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Editorial comment

In a recent online column, Patrick Collinson, money and personal finance editor of The Guardian, a daily newspaper in the UK, gave 11 tips on how to make money in 2011. At number four, he recommends opening a coal mine.


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His point is simple but important: with China adding about 51 GW of coal-fired capacity last year, India becoming a large net importer, and stocks in Europe running lower after a vicious cold snap during November and December, demand is likely to outstrip supply this year. Underinvestment during the financial crash also means that new supplies will not be coming online anytime soon.

This structural supply/demand imbalance has been exacerbated by recent events in Australia. Devastating floods in Queensland, the largest coal producing state in Australia and the largest met coal exporting region in the world, have crippled its mining industry. More than 40 mines have suspended operations, hitting an estimated 47.3 million t of annual production. The resulting fall in Australian exports has pushed up prices, having a particular impact on the met coal market. Analysts estimate that up to 5% of met coal production has been removed from world markets this year.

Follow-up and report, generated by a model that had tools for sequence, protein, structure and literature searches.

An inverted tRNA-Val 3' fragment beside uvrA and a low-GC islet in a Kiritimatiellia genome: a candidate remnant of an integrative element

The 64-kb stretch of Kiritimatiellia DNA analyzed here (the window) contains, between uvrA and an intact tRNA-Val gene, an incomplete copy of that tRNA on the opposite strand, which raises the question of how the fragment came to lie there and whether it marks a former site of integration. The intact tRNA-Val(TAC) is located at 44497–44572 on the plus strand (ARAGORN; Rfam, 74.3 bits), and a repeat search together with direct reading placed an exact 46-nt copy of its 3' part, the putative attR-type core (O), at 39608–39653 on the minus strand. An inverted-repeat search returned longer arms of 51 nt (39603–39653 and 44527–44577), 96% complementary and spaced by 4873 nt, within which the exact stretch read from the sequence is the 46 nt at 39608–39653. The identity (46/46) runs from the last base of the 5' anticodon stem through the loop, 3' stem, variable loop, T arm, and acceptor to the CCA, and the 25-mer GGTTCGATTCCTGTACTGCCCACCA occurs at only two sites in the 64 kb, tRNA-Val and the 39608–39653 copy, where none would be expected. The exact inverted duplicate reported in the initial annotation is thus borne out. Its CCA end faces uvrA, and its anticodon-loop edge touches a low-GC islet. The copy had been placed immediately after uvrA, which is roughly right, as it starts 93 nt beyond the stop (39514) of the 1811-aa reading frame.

Supply disruptions have not, however, been limited to Australia. Last year, heavy rain and flooding also hit exports from Colombia, Indonesia and South Africa, where delays at Richards Bay are also causing problems. Meanwhile, cold weather is delaying loading at most Russian ports as coal arrives frozen in the rail wagons.

Coal prices thus look likely to remain high through the first half of this year and beyond. Wood Mackenzie, a consultancy, is talking about spot prices of US$ 400/t for hard coking coal as the full impact of the Australian floods hits home; thermal coal will rise less dramatically, but will still increase.

An interesting start, then, to what should be an exciting year for the coal industry. Amid all of this, World Coal will celebrate the 20th anniversary of our coverage of this industry, while this month sees a new foray into the digital world as we launch our long-standing CBM Review as a monthly e-newsletter – sign up now at https://www.energyglobal.com.


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